A summary of local impacts of the federal government shutdown.
WILMINGTON — Much of the federal government has been shut down since Dec. 22. For many residents of Southeastern North Carolina, however, the effects are often hard to spot.
Large “BUILDING CLOSED” signs are taped on the doors of the Alton Lennon Federal Building in downtown Wilmington, and federal courts are not in session.
Moores Creek National Battlefield in Currie is shut down, and a voicemail recording says no calls will be returned until furloughed rangers are back on the job.
“Essential” federal personnel remain on the job, though.
The National Weather Service forecast office at the Wilmington International Airport is still posting updates and data and communicating on social media. Staffers have worked through shutdowns before.
“We are working, same as last year,” said Steve Pfaff, a warning coordinator with the Wilmington office.
Over at the airport terminal, blue-shirted officers with the Transportation Security Administration remain on the job, and flights are departing promptly, according to Deputy Director Gary Broughton.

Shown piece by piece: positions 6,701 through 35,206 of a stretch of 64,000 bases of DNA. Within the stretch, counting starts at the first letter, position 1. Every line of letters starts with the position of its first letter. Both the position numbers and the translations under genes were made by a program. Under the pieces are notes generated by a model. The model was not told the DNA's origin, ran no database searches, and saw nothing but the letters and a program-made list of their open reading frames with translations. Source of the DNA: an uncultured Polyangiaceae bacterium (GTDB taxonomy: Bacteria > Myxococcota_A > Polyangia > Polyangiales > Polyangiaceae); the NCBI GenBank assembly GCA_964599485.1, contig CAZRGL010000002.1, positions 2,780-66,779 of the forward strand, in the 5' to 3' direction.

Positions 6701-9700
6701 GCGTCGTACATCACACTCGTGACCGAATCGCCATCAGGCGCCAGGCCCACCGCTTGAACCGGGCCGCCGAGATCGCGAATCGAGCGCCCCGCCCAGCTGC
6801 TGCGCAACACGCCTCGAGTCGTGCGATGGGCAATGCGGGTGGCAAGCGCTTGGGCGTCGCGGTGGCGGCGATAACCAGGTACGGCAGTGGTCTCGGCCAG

CNN and other news organizations had reported that TSA workers, who are not being paid during the shutdown, have been calling in sick in large numbers. Broughton, however, said the number of TSA sick calls in Wilmington had actually dropped since the shutdown began, and no slowdowns have been detected.
Coast Guardsmen are still answering the phones at the Wrightsville Beach station.
Petty Officer 3rd Class Joshua Canup, with the public affairs office of the Coast Guard’s 5th District, said all personnel are continuing to perform their duties and are responding to search and rescue calls, law enforcement and national security issues and environmental threats. Some non-essential Coast Guard duties, however, such as recreational boarding, safety checks and routine maintenance on aids to navigation, have been suspended until the shutdown is over.
The shutdown will reach a critical point on Friday, when both furloughed and “essential” federal workers will miss their first paycheck. Steve Pfaff of the weather service is convinced, though, that workers will be reimbursed once the shutdown concludes.
“It happened the last 12 times” the government shut down, Pfaff said, “so we hope it will be the same this time.”
Reporter Ben Steelman can be reached at 910-616-1788 or [email protected]